Patient expectations about a clinical diagnostic test may influence the clinician's test interpretation
Michel W.Coppieters, Börje Rehn, and Melanie L.Plinsingaa
With medical information widely available, patients often have preconceived ideas regarding diagnostic procedures and management strategies.
Objectives: To investigate whether expectations, such as beliefs about the source of symptoms and knowledge about diagnostic tests, influence pain perception during a clinical diagnostic test.
Design: Cross-sectional study.
Methods: Pain was induced by intramuscular hypertonic saline infusion in the thenar muscles. In line with sample size calculations, fifteen participants were included. All participants received identical background information regarding basic median nerve biomechanics and basic concepts of differential diagnosis via mechanical loading of painful structures. Based on different explanations about the origin of their induced pain, half of the participants believed (correctly) they had ‘muscle pain’ and half believed (incorrectly) they had ‘nerve pain’. Pain intensity and size of the painful area were evaluated in five different positions of the median nerve neurodynamic test (ULNT1 MEDIAN). Data were analysed with two-way analyses of variance.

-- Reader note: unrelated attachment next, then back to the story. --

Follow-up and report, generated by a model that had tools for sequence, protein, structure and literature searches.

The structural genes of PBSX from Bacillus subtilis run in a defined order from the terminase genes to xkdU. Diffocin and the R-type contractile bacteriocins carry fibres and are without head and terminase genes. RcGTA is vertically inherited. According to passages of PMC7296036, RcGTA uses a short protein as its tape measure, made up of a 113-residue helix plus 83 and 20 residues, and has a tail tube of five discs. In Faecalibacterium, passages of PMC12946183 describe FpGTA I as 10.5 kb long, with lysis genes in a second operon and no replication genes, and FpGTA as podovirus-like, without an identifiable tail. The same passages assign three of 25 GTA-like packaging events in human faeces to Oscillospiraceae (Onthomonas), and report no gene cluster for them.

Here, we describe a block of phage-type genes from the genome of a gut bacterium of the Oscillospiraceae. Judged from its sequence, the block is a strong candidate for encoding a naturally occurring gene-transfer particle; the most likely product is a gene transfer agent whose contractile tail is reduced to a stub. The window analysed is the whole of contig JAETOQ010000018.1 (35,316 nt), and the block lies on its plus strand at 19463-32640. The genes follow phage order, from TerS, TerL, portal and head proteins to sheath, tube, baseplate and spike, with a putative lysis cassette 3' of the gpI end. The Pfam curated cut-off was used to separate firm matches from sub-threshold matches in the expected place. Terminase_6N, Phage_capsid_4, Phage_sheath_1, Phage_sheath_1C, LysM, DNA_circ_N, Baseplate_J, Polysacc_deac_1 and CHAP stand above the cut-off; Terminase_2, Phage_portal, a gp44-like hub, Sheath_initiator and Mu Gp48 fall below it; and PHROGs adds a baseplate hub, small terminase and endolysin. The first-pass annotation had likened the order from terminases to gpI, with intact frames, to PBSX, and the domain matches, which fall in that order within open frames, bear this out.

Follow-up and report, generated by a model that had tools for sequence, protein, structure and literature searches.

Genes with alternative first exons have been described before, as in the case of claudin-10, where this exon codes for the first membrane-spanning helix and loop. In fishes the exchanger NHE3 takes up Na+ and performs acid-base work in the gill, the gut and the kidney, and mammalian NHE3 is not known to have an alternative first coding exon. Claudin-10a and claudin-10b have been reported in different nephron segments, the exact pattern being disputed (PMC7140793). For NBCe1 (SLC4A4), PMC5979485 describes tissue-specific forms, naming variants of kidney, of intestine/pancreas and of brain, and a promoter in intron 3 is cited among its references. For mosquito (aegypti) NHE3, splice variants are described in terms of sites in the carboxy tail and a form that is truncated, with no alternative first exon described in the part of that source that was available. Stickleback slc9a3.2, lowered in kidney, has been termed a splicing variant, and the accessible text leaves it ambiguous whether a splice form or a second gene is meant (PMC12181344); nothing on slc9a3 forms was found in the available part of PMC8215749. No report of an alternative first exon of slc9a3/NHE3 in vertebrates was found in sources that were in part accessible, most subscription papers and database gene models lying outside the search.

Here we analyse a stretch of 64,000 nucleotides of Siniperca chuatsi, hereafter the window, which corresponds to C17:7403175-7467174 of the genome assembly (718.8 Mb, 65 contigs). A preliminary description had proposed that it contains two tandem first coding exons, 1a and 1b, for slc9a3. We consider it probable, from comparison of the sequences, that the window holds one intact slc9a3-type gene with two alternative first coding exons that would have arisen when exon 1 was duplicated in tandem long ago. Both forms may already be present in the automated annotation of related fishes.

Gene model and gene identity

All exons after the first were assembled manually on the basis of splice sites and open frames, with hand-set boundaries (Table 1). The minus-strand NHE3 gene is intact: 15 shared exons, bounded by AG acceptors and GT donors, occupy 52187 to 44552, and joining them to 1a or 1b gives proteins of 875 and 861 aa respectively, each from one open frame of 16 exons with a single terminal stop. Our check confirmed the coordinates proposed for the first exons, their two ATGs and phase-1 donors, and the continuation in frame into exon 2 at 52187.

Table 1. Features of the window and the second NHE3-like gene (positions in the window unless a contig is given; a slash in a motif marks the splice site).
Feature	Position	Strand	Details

Results: Changes in pain in the ULNT1 MEDIAN positions were different between the ‘muscle pain’ and ‘nerve pain’ group (p < 0.001). In line with their expectations, the ‘muscle pain’ group demonstrated no changes in pain throughout the test (p > 0.38). In contrast, pain intensity (p ≤ 0.003) and size of the painful area (p ≤ 0.03) increased and decreased in the ‘nerve pain’ group consistent with their expectations and the level of mechanical nerve loading.
Conclusion: Pain perception during a clinical diagnostic test may be substantially influenced by pain anticipation. Moreover, pain was more aligned with beliefs and expectations than with the actual pathobiological process.